The White House has claimed reports that the Goldstone report would be blocked by the US from going to the International Criminal Court, were a mistake.
White House spokesman Tommy Vietor said an anonymous official "misspoke" when he told Jewish organisations that the US would not allow the report’s recommendations to go beyond the Human Rights Council.
Mr Vietor said the US policy towards the Goldstone report remained the same as was given in the statement by Susan Rice, the US ambassador to the UN.
Ms Rice said the US thought the report was: "unbalanced, one sided and basically unacceptable”.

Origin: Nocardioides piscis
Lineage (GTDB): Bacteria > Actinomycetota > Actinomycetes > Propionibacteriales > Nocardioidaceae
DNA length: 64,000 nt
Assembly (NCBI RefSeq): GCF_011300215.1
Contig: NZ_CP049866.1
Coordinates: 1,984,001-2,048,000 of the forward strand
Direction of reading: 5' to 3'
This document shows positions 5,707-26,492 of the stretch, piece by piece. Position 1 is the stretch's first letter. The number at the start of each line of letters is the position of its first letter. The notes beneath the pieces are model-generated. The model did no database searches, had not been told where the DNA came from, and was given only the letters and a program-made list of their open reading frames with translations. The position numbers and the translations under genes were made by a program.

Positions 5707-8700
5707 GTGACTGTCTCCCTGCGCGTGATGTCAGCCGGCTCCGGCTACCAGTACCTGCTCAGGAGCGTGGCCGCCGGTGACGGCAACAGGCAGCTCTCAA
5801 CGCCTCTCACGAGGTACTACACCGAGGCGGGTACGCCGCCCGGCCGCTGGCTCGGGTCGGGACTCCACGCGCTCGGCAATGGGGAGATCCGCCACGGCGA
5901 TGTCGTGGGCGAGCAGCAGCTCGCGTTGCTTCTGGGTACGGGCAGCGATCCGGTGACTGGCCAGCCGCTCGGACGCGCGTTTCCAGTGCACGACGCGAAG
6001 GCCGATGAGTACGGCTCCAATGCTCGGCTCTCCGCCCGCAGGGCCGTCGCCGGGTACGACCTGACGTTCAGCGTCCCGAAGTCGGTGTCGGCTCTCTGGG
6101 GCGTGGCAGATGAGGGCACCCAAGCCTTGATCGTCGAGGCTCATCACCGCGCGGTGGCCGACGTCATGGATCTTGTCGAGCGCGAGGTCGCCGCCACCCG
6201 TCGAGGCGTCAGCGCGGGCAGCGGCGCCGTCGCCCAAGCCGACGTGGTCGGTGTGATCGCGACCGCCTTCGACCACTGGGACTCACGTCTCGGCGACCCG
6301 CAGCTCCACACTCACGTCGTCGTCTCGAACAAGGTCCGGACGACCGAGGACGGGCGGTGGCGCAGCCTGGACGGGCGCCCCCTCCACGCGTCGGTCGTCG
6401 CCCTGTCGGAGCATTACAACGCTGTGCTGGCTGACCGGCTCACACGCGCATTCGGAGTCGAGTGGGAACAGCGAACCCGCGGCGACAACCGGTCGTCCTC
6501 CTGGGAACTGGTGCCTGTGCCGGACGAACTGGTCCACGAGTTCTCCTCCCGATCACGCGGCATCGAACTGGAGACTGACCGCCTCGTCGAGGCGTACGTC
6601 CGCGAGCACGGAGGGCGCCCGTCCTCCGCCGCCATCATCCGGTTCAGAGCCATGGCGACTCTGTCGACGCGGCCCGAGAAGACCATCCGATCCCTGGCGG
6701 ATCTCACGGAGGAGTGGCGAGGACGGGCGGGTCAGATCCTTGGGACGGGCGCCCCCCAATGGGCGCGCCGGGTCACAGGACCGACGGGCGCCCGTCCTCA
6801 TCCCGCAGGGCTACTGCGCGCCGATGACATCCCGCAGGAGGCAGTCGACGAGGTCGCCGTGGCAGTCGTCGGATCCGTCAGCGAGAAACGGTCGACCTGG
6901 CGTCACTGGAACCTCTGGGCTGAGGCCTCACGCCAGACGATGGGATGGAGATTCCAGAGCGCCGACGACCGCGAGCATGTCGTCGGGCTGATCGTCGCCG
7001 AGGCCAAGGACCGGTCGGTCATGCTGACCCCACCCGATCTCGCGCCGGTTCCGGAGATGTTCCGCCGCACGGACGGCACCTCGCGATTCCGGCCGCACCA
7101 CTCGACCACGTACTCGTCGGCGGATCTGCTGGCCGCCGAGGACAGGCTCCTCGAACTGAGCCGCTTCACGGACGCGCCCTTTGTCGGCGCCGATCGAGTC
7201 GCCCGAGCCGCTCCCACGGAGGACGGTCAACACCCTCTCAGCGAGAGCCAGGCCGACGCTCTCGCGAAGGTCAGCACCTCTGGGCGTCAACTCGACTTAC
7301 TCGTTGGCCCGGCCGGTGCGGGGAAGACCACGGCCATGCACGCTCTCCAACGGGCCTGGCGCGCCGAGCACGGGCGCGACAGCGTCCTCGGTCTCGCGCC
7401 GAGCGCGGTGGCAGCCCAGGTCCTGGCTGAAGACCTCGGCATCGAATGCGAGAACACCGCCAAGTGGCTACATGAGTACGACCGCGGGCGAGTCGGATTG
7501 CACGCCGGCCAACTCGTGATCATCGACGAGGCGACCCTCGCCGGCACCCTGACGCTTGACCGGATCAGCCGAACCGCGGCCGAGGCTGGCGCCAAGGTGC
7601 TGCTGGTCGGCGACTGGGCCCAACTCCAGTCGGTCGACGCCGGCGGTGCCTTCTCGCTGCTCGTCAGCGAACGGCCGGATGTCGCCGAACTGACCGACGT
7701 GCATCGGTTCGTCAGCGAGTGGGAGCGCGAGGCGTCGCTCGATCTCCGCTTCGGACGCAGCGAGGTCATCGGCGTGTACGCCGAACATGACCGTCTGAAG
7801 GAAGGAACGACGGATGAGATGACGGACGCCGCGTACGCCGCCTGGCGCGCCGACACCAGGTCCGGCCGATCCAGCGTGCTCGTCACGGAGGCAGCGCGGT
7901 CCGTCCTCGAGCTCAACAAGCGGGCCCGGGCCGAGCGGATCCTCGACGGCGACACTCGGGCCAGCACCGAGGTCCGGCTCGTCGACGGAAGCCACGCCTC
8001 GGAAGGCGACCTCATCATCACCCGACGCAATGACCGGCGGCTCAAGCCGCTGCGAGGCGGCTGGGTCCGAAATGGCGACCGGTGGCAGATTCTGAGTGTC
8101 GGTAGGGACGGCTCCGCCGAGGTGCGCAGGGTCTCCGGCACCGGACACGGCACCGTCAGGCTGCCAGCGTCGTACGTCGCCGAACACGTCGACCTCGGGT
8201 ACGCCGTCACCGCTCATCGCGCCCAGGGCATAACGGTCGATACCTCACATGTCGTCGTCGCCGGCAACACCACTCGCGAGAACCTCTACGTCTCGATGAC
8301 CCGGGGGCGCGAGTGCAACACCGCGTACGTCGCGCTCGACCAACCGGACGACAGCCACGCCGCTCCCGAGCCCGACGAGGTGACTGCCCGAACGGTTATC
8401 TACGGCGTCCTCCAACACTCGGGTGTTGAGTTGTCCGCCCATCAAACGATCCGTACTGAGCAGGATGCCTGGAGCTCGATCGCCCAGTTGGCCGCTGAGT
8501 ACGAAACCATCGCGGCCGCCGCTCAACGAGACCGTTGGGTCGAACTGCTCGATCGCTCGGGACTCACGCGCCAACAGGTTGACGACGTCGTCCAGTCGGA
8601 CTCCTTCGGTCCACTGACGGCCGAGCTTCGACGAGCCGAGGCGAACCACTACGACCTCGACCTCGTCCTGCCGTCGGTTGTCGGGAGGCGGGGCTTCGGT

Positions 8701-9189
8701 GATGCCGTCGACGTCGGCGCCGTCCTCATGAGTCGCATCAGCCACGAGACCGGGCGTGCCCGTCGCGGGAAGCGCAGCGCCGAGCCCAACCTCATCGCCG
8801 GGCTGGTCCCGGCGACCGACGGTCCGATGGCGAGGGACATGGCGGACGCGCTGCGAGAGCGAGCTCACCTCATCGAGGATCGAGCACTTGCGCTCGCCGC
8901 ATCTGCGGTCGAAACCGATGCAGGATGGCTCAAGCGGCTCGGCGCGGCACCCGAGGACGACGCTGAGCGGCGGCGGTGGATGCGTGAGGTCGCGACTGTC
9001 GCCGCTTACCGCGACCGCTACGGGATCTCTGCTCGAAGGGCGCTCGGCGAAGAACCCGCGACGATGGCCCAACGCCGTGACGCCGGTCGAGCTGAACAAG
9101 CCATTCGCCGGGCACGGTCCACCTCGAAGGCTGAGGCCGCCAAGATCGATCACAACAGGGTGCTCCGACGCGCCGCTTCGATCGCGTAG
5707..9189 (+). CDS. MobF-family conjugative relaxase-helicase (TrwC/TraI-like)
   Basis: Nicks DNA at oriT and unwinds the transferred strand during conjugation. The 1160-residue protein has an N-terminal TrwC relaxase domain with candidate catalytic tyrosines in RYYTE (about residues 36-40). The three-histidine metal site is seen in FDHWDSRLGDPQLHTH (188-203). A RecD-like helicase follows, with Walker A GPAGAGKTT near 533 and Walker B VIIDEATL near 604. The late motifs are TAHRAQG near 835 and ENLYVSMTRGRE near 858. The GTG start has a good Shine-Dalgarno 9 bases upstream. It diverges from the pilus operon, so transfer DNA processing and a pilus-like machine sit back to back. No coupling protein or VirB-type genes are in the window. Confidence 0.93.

She said: “We have very serious concerns about many of the recommendations in the report. We will expect and believe that the appropriate venue for this report to be considered is the Human Rights Council and that is our strong view."
But Ms Rice did not refer to what the US policy would be were any action to reach the ICC.
The UN fact-finding mission, headed by South African judge Richard Goldstone, was set-up to investigate the conflict in Gaza early this year.
The investigation produced a 574-page report which concluded: "Israel committed actions amounting to war crimes, possibly crimes against humanity.”